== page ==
Prior to implantation, two partially overlapping cylindrical holes are drilled across disc space D and into adjacent vertebral bodies V1, V2. The holes are drilled sufficiently overlapping to allow two bone dowels 200 a and 200 b (not shown) to be implanted with the reduced sides 218 a, 218 b being generally perpendicular to the plane of disc space D, disc space D being in a plane perpendicular to the longitudinal vertical axis of spinal column S as shown in
Bone dowels 200 a and 200 b may be inserted separately such that once a first bone dowel 200 a is fully linearly inserted across disc space D, a second bone dowel 200 b is driven across disc space D, so that reduced sides 218 a or 218 b of each bone dowel are adjacent to each other and preferably are touching. In this manner, the two bone dowels are implanted across disc space D and engage the bone of adjacent vertebral bodies V1, V2 without exceeding the transverse width of spinal column S. Before implanting the second bone dowel, bone dowel 200 a is rotated approximately 90 degrees, such that ratchetings 208 engage each vertebral body V1, V2 to secure the bone dowel into position. Alternatively, bone dowels 200 a, 200 b may be implanted across disc space D simultaneously by placing them adjacent to one another with the reduced sides facing each other, in the orientation described above, prior to implantation. The two bone dowels are then linearly advanced into the drilled holes across disc space D. Thus, the surgeon has the option of performing separate push-in and twist insertions, or a single simultaneous insertion of the two bone dowels. It is appreciated that there are other methods of inserting bone dowels that come within the broad scope of the present invention.
Referring again to
It should be appreciated that many variations of the present inventive concept are possible and come within the broad scope of the present invention. For example, although generally cylindrical bone dowels have been described, the bone dowel of the present invention may exist as other shapes (from a cross-sectional view) such as a saucer, ellipse, or crescent, just to name a few. As shown in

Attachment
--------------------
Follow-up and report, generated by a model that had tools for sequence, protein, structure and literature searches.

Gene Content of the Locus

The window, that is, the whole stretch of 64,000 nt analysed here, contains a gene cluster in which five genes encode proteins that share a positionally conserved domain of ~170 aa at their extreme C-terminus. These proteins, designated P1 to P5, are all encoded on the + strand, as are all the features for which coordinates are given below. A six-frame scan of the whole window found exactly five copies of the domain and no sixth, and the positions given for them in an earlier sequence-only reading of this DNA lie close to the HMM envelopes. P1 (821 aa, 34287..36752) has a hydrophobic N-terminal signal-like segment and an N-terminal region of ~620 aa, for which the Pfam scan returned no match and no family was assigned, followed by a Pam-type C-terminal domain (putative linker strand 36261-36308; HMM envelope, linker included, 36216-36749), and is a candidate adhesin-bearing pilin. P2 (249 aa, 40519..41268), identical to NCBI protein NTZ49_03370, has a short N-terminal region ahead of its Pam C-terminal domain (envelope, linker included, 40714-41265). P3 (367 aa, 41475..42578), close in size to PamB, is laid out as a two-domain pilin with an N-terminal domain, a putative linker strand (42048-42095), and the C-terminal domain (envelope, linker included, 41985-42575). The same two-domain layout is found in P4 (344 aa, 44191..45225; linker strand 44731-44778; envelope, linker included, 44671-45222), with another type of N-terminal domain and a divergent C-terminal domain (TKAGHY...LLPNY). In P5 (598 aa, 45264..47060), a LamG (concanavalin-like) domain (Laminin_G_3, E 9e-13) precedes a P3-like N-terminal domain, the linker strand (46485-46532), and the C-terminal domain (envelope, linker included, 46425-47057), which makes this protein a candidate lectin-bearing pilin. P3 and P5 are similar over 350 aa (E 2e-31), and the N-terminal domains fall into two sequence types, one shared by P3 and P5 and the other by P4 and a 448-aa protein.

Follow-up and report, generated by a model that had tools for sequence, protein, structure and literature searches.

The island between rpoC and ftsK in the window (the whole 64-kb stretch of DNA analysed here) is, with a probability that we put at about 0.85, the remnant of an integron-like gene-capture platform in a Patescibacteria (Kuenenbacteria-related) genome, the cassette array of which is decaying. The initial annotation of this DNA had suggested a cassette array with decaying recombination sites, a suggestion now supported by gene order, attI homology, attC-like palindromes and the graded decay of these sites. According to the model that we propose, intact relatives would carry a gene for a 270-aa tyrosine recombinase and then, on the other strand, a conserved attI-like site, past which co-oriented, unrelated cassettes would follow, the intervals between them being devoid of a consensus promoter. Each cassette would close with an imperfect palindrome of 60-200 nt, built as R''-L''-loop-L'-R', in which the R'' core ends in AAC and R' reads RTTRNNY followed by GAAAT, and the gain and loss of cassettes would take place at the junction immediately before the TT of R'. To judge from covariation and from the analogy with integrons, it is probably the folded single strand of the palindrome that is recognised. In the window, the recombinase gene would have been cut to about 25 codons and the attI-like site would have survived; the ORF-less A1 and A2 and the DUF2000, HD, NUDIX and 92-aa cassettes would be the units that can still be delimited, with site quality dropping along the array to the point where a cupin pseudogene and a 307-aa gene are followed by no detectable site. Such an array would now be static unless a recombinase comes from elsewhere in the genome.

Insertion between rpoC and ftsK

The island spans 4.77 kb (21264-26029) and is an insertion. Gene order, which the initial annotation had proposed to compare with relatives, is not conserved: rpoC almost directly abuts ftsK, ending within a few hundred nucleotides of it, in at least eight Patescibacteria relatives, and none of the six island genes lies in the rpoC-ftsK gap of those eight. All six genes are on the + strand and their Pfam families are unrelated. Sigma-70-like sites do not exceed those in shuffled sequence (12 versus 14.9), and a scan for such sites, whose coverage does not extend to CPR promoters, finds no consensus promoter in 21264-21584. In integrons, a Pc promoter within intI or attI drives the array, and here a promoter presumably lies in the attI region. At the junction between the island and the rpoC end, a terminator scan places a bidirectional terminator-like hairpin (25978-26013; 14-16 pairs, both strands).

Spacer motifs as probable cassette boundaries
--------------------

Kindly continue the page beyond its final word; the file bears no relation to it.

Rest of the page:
The bone dowels of the present invention may have upper and lower surfaces that are porous. The bone dowels of the present invention may have upper and lower surfaces that include a bone ingrowth surface. The bone dowels of the present invention may have upper and lower surfaces that are in an angular relationship to each other from the trailing end to the leading end for allowing angulation of the adjacent vertebral bodies relative to each other.
The present bone dowel may be tapered in order to best suit the needs of the surgeon and patient, for example, using convergent walls to restore lordosis in the lumbar regions of the spine.
The bone dowel of the present invention may have a plurality of passageways or channels. The size of the bone dowel of the present invention generally has an overall length in the range of 20 mm to 30 mm, with 25 mm being preferred, and a maximum diameter in the range of 14 mm to 24 mm, with 18 mm being preferred when inserted in the lumbar spine from the posterior approach, and 20 mm being preferred when inserted in the lumbar spine from the anterior approach. The bone dowel of the present invention is quite appropriate for use in the cervical and thoracic spine as well. In the cervical spine, such bone dowels would have a length in the range of 10-18 mm, with 12 mm being preferred and a maximum diameter in the range of 12-20 mm, with the preferred diameter being 16 mm. In the thoracic spine, such bone dowels would have a length in the range of 16-26 mm and a diameter in the range of 14-20 mm, with the preferred diameter being 16 mm. In addition to the foregoing dimensions, the bone dowel of the present invention preferably has a width for use in the cervical spine in the range of 8-16 mm, with the more preferred width being 10-14 mm; for use in the lumbar spine in the range of 18-26 mm, with the more preferred width being 18-20 mm; and for use in the lumbar spine in the range of 18-26 mm, with the more preferred width being 20-24 mm.